Ford CEO Jim Farley tweeted on Twitter, saying that they are going to work on producing more Mustang Mach-Es, as the demand keeps increasing. Ford expects the output of all-electric output to triple in two years, by 2023. The increased output is expected in North America and Europe according to Jim Farley.
Starting from 2022, Ford will be increasing the production of Mustang Mach-E. It is also notable that Ford F-150 Lightning has reached nearly 200,000 pre-orders. And without increasing its production capacity, the company will be delivering pre-orders till late 2023. In the electric vehicle market, Ford is hitting itself against General Motors and Stellantis, which also competing Tesla and Volkswagen in the automotive industry. For Mustang Mach-E they the production units are to reach 200,000 units per year.
It’s hard to produce Mustang Mach-Es fast enough to meet the incredible demand, but we are sure going to try. So starting in 2022 we are increasing production and expect to reach 200,000+ units per year for North America & Europe by 2023. That's 3x our 2021 output. ⚡️⚡️⚡️ pic.twitter.com/xSMbuHxdEN
— Jim Farley (@jimfarley98) December 10, 2021
Last week, Farley stated that including all vehicles, Lightning and E-Transit van, their production numbers are to reach 600,000 units per year. Lisa Drake, the chief operating officer of Ford North America, said that the company’s optimism stemmed from the increasing demand for its F-150 Lightning pickup, with retail reservations approaching 200,000.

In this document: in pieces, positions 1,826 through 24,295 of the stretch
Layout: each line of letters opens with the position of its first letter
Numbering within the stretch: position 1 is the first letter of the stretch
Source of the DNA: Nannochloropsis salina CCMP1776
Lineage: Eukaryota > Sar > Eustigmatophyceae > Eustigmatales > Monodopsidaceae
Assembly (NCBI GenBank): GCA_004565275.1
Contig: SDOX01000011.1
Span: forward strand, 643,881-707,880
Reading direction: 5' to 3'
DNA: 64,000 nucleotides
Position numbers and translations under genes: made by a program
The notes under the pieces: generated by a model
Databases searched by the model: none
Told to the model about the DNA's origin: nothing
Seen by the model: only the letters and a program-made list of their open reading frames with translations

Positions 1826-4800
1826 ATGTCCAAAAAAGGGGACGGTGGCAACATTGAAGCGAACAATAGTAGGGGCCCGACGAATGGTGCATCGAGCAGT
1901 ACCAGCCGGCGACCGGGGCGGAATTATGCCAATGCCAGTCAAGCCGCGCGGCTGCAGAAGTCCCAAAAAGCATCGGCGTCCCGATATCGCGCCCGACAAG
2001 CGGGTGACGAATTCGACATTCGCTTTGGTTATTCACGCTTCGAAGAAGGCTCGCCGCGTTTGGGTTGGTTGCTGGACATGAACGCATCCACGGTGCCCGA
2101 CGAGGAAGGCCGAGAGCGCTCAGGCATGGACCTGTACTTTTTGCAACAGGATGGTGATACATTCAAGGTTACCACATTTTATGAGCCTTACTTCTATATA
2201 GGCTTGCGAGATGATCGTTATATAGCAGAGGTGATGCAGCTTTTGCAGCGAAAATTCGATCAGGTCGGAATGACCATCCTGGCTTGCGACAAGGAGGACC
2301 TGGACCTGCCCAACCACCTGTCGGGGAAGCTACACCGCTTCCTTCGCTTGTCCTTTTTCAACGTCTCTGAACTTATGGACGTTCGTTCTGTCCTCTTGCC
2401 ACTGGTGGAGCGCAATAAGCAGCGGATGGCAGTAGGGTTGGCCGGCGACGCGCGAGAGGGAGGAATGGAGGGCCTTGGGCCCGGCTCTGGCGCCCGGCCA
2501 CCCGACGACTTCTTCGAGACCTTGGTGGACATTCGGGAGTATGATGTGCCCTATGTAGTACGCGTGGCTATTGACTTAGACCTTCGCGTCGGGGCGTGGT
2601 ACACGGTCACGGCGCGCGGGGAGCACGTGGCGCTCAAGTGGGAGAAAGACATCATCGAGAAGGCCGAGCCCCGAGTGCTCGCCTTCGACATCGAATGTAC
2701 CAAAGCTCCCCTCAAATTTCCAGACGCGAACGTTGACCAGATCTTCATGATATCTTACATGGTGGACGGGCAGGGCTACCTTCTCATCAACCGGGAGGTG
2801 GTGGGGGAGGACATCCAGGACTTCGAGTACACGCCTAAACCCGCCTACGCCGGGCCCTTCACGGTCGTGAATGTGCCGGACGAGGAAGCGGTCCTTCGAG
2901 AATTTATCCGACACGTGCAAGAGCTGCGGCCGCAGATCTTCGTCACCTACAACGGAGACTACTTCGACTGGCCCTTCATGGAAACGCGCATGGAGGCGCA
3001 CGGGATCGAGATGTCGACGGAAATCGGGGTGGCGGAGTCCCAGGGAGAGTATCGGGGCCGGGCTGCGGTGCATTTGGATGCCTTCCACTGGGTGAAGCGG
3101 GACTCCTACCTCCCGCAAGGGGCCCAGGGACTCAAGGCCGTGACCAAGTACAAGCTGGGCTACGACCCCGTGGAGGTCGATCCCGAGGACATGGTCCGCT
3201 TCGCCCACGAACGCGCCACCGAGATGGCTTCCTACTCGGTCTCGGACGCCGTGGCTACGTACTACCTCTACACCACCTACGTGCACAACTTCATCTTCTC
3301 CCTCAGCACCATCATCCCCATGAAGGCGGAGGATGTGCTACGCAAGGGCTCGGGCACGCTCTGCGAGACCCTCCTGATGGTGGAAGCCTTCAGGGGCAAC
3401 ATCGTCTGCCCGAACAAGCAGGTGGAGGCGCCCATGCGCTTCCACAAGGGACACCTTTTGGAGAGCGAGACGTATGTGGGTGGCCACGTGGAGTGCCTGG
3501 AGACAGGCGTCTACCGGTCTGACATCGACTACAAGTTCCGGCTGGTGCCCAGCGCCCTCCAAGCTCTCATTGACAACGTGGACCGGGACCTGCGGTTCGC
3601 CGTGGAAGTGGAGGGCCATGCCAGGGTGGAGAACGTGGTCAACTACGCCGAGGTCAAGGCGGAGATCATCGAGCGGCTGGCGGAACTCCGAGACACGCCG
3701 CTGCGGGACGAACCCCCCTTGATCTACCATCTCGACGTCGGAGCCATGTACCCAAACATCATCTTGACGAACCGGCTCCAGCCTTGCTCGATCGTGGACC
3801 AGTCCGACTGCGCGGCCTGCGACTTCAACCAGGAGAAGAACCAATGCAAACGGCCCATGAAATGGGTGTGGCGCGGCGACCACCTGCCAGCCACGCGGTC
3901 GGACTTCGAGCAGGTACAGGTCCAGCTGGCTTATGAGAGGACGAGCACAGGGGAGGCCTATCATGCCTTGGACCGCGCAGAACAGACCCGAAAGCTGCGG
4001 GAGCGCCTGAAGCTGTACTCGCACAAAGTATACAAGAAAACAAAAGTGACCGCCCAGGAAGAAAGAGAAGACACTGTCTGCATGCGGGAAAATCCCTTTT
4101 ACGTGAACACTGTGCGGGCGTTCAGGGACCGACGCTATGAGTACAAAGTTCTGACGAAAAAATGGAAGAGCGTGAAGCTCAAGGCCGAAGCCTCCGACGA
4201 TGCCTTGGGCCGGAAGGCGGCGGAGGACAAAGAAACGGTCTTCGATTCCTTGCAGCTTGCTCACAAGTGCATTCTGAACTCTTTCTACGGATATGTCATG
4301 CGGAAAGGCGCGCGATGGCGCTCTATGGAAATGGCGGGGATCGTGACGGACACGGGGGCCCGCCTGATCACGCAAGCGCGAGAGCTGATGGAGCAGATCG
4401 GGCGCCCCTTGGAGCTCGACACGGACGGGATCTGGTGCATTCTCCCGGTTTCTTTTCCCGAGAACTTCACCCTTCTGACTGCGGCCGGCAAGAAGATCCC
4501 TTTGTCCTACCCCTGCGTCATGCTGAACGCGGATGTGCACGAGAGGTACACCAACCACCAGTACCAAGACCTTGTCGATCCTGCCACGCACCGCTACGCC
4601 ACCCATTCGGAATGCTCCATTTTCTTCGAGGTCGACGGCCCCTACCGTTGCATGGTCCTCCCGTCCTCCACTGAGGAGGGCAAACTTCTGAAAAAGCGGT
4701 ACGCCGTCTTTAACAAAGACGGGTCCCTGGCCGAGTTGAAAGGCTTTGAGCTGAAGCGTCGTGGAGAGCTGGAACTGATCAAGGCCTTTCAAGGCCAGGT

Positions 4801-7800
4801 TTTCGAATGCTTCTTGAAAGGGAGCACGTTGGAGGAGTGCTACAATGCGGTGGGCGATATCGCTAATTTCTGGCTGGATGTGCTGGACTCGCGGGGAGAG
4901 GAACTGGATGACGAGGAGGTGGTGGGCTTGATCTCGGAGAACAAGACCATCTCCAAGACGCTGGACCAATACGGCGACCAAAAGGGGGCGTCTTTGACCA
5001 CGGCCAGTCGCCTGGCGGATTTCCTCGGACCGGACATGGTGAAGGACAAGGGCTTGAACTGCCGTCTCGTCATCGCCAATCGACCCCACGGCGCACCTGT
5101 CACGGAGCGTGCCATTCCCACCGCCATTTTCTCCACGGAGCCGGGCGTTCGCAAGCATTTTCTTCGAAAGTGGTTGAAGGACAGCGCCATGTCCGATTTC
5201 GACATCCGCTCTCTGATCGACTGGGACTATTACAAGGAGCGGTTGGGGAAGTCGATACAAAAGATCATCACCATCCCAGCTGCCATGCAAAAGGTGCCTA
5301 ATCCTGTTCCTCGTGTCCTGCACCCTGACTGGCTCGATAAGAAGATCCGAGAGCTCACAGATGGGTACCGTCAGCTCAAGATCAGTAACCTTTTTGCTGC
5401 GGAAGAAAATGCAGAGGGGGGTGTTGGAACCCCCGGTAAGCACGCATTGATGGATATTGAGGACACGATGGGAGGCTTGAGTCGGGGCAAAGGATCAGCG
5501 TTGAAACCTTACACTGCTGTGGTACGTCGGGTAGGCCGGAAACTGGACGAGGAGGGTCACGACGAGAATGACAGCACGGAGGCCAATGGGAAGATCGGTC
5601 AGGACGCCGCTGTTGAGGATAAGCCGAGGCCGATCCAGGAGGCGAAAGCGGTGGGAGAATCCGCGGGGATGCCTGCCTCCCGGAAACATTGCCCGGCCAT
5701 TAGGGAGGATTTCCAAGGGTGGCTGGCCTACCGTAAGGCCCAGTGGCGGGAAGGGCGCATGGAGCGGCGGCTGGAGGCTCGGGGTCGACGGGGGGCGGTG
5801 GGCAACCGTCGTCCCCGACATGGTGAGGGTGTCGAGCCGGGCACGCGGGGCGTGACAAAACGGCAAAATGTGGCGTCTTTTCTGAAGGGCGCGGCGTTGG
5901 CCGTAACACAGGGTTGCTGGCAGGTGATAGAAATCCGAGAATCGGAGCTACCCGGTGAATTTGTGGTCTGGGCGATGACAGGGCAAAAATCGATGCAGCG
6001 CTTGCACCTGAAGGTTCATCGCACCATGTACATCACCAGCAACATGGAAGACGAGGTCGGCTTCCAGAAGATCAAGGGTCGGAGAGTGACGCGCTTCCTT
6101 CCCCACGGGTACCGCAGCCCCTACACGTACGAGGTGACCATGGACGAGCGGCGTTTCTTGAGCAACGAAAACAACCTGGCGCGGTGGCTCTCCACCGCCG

Furthermore, Ford is known to be postponing the production of electric versions of the Explorer and Lincoln Aviator crossovers by about one and a half years to increase the manufacturing of its Mustang Mach-E SUVs. According to a report by Automotive News, Ford told its suppliers that production of these new EVs is now scheduled to start in December 2024.
Ford building own components
Speaking at an investor conference, Drake said Ford is working to vertically integrate more EV components, including power electronics and e-drives, at existing facilities that build parts for combustion vehicles – a modern take on founder Henry Ford’s pioneering work in building many of his own components.
“We haven’t used ‘vertical integration in this industry in a long time,” Drake said, but “you’re going to hear it a lot more” as Ford and other automakers transition from combustion to electric vehicles. Ford expects to reduce EV battery cell cost to $80 per kilowatt-hour at the pack level “well before the end of the decade,” Drake said
The automaker is looking at different cell chemistries, including cobalt-free lithium iron phosphate, and cell-to-pack structural batteries to help reduce costs. Ford and BMW are working with Colorado-based startup Solid Power on developing solid-state batteries, which Drake said should be commercialized “well before the end of the decade.”